You’ll love these soft and chewy Snickerdoodle Cookies! Two special ingredients make this recipe a family favorite. No chill time required, ready in minutes!
It had been way too long since I had a good Snickerdoodle. One with chewy edges, soft centers and the perfect balance of cinnamon and sugar. Although I make Snickerdoodle Bars on a regular basis, I had yet to find a Snickerdoodle cookie recipe that I loved. After a few tests and tweaks I came up with this recipe, and it was an immediate family favorite.
I have two special ingredients that make these the best (more on that below), and since this dough requires no chill-time, you can be enjoying freshly baked Snickerdoodles in minutes!
What is a Snickerdoodle Cookie?
Snickerdoodles are soft and chewy cookies that are flavored with vanilla and coated in cinnamon sugar. They are fairly similar to sugar cookies, but a couple things make them different from a typical sugar cookie:
- Cream of Tartar: This is an essential ingredient in a snickerdoodle cookie. It adds a bit of tang and it gives snickerdoodles a distinct flavor that sets them apart from other sugar cookies.
- Cinnamon Sugar: After preparing the cookie dough, the dough balls get rolled in a mixture of cinnamon sugar. This adds a subtle cinnamon flavor to the cookies as well as a delicious sweet, and almost crunchy exterior.
How to make this recipe:
- Cream butter and sugars. I like to use salted butter and a combination of granulated sugar and light brown sugar (more on this below).
- Add eggs and vanilla extract. I like to use a full 2 teaspoons of vanilla to be sure that there is a subtle, yet noticeable vanilla flavor.
- Add flour, baking soda, salt, and cream of tartar (don’t skip the cream of tartar; this gives the cookies their distinct snickerdoodle flavor).
- Scoop the dough into balls and roll them in cinnamon sugar.
What makes this recipe THE BEST:
- Salted Butter: In order to balance out the sweetness of these cookies, I prefer to use salted butter. That extra bit of salt running all throughout the dough creates a deliciously balanced flavor and keeps them from being overly sweet. If possible, I highly recommend splurging on European style salted butter. European butter is richer and creamier and that extra bit of fat and salt makes for buttery, rich snickerdoodles. Note: I have tested this recipe with a wide variety of butter, and you can absolutely use regular salted or unsalted butter if you’d prefer; they will still be fantastic.
- Light Brown Sugar: Swapping out some of granulated sugar for brown sugar makes these cookies a bit softer and chewier. Plus that bit of brown sugar imparts a deeper flavor than plain granulated sugar.
- No chill time! As long as your butter isn’t too soft (cool room temp is best), you can bake these cookies right away. Without chilling you’ll get cookies with the perfect spread (as pictured). If you’d prefer a thicker, puffier cookie you have the option to chill the dough.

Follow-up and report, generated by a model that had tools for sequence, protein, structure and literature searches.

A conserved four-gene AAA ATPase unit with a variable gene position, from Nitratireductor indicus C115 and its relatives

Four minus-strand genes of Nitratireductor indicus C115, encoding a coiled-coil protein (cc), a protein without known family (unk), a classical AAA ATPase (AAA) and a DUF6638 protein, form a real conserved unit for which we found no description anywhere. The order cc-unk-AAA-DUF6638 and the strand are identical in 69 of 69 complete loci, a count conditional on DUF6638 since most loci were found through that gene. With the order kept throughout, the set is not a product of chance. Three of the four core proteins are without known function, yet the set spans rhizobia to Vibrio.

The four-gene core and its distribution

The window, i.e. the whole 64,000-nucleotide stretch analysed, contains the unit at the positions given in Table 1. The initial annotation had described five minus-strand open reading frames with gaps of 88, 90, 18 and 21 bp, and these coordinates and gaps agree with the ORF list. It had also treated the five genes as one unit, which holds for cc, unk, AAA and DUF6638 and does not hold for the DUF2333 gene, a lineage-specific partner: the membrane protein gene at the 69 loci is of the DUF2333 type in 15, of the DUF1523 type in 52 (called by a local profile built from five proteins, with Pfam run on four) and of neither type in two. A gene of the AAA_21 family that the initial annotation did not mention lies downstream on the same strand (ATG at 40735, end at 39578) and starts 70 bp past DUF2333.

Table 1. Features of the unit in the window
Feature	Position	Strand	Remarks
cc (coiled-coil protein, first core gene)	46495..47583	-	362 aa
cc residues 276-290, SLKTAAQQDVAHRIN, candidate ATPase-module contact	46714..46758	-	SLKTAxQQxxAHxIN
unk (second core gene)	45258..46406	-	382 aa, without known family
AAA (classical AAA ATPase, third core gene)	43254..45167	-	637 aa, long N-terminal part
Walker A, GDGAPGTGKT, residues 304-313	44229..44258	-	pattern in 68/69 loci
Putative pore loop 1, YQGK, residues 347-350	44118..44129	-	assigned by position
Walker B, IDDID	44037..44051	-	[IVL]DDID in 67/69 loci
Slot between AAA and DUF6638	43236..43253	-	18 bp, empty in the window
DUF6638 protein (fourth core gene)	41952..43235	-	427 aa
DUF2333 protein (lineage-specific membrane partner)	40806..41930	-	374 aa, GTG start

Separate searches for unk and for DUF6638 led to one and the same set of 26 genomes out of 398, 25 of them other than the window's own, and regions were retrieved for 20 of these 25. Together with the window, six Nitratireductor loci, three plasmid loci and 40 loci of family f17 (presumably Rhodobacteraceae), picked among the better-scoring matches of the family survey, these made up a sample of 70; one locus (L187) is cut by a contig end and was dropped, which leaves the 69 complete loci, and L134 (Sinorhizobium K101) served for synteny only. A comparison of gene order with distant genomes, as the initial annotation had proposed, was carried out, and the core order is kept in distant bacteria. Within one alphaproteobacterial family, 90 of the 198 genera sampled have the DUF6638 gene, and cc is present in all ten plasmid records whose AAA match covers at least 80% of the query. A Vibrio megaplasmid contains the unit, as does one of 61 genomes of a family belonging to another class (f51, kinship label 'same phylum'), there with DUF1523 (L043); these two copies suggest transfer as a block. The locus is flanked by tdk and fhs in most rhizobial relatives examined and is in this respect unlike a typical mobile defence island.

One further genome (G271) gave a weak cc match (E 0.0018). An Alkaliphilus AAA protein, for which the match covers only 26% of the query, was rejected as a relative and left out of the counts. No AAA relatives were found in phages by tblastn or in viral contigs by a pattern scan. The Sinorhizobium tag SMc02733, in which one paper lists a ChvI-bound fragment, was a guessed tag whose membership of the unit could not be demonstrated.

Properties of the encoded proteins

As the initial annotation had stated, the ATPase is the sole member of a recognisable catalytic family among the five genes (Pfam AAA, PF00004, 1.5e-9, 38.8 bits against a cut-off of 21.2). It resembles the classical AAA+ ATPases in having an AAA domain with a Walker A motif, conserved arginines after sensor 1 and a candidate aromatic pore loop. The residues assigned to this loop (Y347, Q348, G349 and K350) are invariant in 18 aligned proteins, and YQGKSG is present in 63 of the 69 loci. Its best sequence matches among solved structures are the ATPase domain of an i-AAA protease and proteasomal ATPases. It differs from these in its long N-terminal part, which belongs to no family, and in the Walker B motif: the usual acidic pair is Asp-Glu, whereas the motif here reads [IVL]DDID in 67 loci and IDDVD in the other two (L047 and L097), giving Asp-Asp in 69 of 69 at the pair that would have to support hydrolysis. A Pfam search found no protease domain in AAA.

- 1 cup granulated sugar
- 1/2 cup light brown sugar
- 1 cup salted butter, softened to cool room temp, see note
- 2 large eggs
- 2 teaspoons pure vanilla extract
- 2 1/2 cups all purpose flour
- 2 teaspoons cream of tartar
- 1 teaspoon baking soda
- 1/8 teaspoon salt, increase to 1/4 teaspoon if not using salted butter
- 1/4 cup granulated sugar
- 1-2 teaspoons ground cinnamon, adjust based on how much cinnamon flavor you want
- Preheat oven to 350°F. Line two baking sheets with parchment paper (this will prevent the cookies from spreading too much) and set aside.
- Using a hand mixer or stand mixer fitted with the paddle attachment, beat butter, granulated sugar and brown sugar until creamy and fluffy. Add eggs and vanilla and beat until combined, scraping the sides and bottom of the bowl as needed.
- In a separate bowl, combine flour, cream of tartar, baking soda, and salt.
- Add flour mixture to the butter mixture and beat until combined.
- Combine sugar and cinnamon in a large shallow bowl.
- Scoop the cookie dough into scant 2-tablespoon portions (I use a cookie scoop) and roll each into a ball; the dough will be a bit sticky, but you should be able to work with it*. Carefully roll the balls around in the cinnamon sugar, spooning over the sugar until fully coated.
- Place dough balls on prepared baking sheets and bake for 10-13 minutes, until the edges are set, but the centers are still slightly underbaked (they will firm up while cooling). Place the pans on wire racks to cool**. Note: I like to sprinkle the tops of the hot cookies with a little more cinnamon sugar right after they come out of the oven. This is completely optional. If you do so, use fresh cinnamon sugar, not the leftovers from coating the raw dough. I use about 1 tablespoon sugar mixed with 1/4 teaspoon of cinnamon, just eyeball it.